Carter said weather events and the omicron pandemic development in late 2021 also had major impacts on both ports and depots where there was no “work from home” capability for staff.
“Mixed with all of this is the supply of empty and repositioning requirements, which has been turned on its head in NZ.”
Carter said the “fractured supply chain”, particularly into the upper North Island, had a major impact on exporters, particularly given the level of congestion out of Auckland and its land ports.
That has helped push up charter rates four- to five-fold over the two years, to unheard-of levels for additional capacity, while bunker costs jumped 230% over the same period.
Mark Scott, GM of Chinese-owned shipping line Cosco, said the two-year window suspension at NZ ports led to a reduction in ship moves from 60 pre-pandemic to about 40 moves per hour.
Scott said the line struggled to get its ships through any ports for 20-40 days.
Cosco is the third largest line in the world with a container fleet capacity of 2.9 million twenty-foot equivalent units (TEUs) across a fleet of 780 vessels. Scott said in a normal environment, its ships wouldn’t be in NZ for longer than eight or nine days.
Now, he said the line expects to see export and import peak flows overlap each other, given the flat import season and “much longer” export season.
Globally, Cosco will expand its fleet by 15% and Scott said he is hoping that will trickle down into NZ services, although that depends on ports reinstating their berth windows and avoiding “bunched services”.
Carter said globally, the number of containers either waiting to get into a berth or at a terminal is about 560,000 TEU more at present than the 2019 average, while on the East Coast of the United States it is 440,000 TEU higher.
In response, CGM added 800,000 containers over the past 15 months to 5.2 million TEU, he said, at a time when the cost of 40-foot container new builds has risen by 36%.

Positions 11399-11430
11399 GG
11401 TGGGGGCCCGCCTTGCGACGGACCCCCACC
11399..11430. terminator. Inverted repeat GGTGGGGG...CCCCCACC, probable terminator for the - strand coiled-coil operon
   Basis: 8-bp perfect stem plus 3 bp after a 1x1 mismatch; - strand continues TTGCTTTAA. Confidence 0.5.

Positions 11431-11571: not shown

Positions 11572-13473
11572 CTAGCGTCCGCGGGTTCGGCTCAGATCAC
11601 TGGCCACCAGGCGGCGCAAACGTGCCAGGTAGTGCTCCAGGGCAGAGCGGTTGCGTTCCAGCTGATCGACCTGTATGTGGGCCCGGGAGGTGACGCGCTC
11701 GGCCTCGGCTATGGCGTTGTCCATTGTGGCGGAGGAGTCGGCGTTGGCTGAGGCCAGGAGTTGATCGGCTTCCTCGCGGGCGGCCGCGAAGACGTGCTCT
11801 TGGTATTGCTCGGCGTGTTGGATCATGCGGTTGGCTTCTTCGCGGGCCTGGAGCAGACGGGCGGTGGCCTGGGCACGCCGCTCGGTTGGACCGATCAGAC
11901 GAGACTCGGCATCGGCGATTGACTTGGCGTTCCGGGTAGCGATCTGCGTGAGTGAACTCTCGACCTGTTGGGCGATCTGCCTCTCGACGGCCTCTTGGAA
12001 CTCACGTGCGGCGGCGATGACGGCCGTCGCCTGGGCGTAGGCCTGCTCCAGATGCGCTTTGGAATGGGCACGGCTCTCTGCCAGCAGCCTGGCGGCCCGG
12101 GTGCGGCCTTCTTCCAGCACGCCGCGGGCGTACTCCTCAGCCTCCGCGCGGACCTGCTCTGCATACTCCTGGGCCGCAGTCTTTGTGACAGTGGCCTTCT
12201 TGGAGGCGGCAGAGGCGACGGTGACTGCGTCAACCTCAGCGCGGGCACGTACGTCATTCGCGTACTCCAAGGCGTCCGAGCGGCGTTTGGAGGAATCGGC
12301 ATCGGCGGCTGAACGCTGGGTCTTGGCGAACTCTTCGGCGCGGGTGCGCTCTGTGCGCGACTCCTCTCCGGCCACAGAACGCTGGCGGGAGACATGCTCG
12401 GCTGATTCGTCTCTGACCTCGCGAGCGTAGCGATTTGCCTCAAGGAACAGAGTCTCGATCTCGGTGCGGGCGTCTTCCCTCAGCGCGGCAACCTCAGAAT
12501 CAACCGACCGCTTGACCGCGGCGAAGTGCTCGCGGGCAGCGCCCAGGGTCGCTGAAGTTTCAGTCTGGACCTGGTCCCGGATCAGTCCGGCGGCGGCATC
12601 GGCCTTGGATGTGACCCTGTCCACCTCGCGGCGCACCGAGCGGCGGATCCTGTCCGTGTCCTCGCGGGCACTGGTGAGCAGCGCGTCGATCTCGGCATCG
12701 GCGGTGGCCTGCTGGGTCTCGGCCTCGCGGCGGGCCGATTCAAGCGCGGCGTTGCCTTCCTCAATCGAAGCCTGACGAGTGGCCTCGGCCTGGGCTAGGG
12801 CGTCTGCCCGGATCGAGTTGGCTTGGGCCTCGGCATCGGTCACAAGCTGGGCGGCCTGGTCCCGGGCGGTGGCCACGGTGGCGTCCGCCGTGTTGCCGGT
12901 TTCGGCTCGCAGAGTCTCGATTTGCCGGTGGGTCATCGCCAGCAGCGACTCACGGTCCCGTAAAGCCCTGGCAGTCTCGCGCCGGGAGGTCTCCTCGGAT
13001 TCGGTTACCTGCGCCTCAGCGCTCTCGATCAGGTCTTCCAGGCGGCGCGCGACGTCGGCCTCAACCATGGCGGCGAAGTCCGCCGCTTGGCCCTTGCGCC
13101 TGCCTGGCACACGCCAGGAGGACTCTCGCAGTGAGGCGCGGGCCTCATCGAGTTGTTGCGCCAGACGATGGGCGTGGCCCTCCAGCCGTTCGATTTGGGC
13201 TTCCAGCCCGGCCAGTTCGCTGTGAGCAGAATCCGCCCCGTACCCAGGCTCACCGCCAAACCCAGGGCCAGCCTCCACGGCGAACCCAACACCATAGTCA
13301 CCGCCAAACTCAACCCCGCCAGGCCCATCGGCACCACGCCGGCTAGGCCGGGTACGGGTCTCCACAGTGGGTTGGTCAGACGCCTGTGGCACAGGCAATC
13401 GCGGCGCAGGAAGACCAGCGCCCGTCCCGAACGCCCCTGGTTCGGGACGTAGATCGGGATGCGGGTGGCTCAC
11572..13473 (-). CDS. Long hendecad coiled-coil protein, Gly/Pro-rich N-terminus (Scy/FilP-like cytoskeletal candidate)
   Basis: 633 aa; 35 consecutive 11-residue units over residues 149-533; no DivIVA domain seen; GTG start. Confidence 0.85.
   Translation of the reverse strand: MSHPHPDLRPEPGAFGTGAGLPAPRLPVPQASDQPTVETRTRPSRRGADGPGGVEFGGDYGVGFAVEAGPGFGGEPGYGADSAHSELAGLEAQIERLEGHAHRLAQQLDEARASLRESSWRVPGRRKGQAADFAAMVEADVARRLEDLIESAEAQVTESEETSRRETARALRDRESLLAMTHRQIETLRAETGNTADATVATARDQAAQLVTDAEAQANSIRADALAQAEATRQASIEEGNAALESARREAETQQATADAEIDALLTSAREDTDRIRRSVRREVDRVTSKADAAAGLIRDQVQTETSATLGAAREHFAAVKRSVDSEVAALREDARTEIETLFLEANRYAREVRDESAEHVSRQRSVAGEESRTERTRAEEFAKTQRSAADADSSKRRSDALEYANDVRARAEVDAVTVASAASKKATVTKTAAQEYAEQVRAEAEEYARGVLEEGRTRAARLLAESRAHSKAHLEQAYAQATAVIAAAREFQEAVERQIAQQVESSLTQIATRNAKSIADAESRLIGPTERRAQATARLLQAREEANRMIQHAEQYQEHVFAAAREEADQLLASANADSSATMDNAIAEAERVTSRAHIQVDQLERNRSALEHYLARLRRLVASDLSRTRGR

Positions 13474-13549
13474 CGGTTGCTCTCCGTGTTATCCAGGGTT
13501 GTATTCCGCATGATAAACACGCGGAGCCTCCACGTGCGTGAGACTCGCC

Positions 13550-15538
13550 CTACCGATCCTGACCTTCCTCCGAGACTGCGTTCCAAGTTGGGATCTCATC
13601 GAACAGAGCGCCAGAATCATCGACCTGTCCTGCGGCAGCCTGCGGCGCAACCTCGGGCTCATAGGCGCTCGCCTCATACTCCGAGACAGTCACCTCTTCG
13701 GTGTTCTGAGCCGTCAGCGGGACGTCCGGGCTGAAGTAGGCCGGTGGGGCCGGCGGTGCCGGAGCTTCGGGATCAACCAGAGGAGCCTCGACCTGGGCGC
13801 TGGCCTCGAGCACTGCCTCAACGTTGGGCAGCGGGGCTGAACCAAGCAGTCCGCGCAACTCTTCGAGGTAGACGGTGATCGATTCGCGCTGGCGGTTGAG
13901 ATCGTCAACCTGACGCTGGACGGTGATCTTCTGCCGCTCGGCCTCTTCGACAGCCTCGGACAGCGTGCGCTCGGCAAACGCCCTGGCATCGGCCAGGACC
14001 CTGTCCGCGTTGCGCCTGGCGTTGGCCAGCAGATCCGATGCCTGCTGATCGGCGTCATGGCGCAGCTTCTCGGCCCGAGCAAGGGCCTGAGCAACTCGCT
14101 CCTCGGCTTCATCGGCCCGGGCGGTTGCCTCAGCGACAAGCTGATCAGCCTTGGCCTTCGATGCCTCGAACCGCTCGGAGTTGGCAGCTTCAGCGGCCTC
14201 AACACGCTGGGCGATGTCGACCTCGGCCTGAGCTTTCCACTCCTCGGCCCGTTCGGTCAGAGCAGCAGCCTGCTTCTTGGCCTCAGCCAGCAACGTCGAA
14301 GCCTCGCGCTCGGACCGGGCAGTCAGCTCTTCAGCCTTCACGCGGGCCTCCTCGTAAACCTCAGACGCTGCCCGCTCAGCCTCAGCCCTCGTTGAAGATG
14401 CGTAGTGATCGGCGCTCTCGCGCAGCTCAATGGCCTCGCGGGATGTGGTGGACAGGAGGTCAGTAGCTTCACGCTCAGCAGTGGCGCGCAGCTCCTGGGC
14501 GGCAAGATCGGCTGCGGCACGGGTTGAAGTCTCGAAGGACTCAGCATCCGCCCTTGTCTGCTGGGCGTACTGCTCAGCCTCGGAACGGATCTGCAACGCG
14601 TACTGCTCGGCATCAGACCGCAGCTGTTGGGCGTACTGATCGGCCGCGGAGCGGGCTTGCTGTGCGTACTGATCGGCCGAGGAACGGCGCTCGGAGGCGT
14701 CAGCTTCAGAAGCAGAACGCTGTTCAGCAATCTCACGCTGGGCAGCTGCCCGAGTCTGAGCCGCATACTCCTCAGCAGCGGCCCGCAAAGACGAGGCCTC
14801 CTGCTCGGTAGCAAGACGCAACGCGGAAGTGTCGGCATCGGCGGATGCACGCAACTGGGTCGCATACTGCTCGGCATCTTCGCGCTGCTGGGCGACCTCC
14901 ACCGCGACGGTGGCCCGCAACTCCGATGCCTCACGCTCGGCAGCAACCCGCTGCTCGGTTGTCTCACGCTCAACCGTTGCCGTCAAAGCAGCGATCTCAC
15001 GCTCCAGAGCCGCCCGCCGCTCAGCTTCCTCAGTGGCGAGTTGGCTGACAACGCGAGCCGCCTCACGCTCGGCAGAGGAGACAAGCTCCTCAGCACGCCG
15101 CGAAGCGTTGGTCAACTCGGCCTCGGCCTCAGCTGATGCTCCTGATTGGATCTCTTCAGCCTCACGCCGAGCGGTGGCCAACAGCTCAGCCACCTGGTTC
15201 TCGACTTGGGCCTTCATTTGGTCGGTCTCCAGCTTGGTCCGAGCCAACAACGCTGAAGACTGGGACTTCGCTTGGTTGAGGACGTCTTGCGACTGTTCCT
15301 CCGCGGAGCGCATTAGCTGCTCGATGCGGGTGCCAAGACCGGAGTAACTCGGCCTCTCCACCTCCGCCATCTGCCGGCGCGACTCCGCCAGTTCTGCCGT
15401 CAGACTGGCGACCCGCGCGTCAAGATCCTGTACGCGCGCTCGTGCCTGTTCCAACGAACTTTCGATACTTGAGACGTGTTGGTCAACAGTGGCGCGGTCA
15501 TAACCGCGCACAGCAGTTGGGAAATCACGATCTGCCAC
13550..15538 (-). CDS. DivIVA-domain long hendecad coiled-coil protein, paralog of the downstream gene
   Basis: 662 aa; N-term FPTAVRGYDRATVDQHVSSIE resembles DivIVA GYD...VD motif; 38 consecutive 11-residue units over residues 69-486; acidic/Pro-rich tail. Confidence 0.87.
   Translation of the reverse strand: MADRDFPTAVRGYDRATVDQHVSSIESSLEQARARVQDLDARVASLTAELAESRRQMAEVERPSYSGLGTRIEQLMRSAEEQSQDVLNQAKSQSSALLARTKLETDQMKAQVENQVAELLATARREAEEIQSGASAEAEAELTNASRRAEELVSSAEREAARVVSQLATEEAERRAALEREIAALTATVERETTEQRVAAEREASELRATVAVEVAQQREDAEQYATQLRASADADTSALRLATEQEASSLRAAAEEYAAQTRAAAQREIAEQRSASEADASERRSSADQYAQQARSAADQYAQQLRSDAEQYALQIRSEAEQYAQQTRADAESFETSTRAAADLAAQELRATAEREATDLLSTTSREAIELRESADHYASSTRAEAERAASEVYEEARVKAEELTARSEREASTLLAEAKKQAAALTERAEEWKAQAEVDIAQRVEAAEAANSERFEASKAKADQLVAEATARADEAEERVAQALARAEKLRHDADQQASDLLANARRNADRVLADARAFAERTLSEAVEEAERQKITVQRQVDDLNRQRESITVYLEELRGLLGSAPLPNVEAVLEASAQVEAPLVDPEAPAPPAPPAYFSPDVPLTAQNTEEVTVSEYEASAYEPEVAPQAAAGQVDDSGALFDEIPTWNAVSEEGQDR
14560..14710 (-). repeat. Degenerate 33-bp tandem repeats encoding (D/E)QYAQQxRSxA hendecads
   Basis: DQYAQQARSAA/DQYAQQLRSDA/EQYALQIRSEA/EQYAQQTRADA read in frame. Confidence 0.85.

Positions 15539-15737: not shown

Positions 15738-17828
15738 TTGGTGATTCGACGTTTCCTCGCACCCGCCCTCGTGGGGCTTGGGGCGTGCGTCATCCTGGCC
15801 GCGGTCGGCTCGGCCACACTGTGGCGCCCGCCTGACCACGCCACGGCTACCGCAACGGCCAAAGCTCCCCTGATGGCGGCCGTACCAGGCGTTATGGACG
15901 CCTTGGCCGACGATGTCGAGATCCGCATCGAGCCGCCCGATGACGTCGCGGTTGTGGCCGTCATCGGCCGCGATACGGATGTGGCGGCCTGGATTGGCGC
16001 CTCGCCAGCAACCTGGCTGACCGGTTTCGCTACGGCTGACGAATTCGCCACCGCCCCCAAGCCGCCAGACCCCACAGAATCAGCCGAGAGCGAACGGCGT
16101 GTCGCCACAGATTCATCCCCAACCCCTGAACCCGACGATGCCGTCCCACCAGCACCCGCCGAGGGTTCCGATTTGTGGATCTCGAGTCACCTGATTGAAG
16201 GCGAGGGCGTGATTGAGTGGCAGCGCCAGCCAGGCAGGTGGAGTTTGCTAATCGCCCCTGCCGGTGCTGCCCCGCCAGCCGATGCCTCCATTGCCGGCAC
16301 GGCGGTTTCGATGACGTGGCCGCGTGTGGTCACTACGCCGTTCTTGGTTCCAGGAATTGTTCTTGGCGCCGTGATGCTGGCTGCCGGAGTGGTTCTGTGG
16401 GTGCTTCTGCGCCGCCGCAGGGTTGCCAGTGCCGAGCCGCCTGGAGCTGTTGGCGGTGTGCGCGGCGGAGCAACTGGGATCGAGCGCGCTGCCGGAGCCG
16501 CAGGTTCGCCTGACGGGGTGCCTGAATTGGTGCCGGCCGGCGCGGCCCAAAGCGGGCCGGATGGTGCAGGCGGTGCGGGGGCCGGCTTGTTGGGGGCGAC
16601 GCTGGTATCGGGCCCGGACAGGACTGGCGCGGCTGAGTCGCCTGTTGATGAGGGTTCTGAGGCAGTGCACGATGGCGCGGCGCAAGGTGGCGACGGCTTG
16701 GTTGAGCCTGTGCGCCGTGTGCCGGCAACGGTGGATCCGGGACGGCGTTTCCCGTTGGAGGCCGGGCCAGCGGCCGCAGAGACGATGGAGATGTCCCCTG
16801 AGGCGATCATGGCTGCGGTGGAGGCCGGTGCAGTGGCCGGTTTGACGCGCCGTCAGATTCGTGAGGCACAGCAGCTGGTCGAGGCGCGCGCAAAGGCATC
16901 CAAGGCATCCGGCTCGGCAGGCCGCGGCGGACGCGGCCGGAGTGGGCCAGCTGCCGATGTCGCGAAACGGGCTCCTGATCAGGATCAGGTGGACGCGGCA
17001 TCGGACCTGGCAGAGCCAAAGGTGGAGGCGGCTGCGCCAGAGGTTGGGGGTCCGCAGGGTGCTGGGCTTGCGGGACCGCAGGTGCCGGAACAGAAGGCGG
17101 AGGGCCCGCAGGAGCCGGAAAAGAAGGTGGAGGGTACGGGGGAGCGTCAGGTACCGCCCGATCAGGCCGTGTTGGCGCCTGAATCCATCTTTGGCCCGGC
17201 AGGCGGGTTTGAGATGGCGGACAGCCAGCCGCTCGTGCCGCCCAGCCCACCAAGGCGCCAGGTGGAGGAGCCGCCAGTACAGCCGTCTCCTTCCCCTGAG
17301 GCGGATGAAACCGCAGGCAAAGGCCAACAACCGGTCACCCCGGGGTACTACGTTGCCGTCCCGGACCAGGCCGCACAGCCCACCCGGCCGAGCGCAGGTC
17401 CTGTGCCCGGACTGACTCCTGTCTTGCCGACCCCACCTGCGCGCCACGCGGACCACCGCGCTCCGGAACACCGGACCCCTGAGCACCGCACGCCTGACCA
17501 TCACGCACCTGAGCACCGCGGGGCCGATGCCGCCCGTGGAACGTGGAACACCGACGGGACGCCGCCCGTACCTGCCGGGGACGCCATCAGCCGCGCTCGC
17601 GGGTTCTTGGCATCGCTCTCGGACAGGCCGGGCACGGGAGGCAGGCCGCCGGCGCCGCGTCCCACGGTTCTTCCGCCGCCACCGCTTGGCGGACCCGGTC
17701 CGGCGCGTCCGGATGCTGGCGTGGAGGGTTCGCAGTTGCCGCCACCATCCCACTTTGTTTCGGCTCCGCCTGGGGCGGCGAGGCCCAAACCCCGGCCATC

And to help address its emission challenges, the line has announced a US$1.5 billion (about $2.3b) fund to seek and secure supply of renewable energy. “Quite clearly the fuel we use today is not going to be the fuel for tomorrow, and that fund is stretched over five years to try and secure supply lines.”
David Knowles, GM of Singaporean-owned Pacific International Lines (PIL), said sustainability and reduction of greenhouse emissions has become a “key issue”. That is reinforced by an initiative between NZ and Singapore to make the Singapore-New Zealand trade lane green. The NZ-Singapore Sustainable Aviation Arrangement, signed by both countries in April, applies to both Singapore Airlines and PIL.
Knowles said the line has also now joined Silk Alliance green corridor project, an initiative run by Lloyd’s Register, a group of Asian ship owners, builders and finance companies aiming to measure consumption and performance across about 220 ships, and options for alternative fuels.
He said PIL, which has two ships servicing NZ, has eight container vessels on order with “significant investment” planned into LNG-powered ships.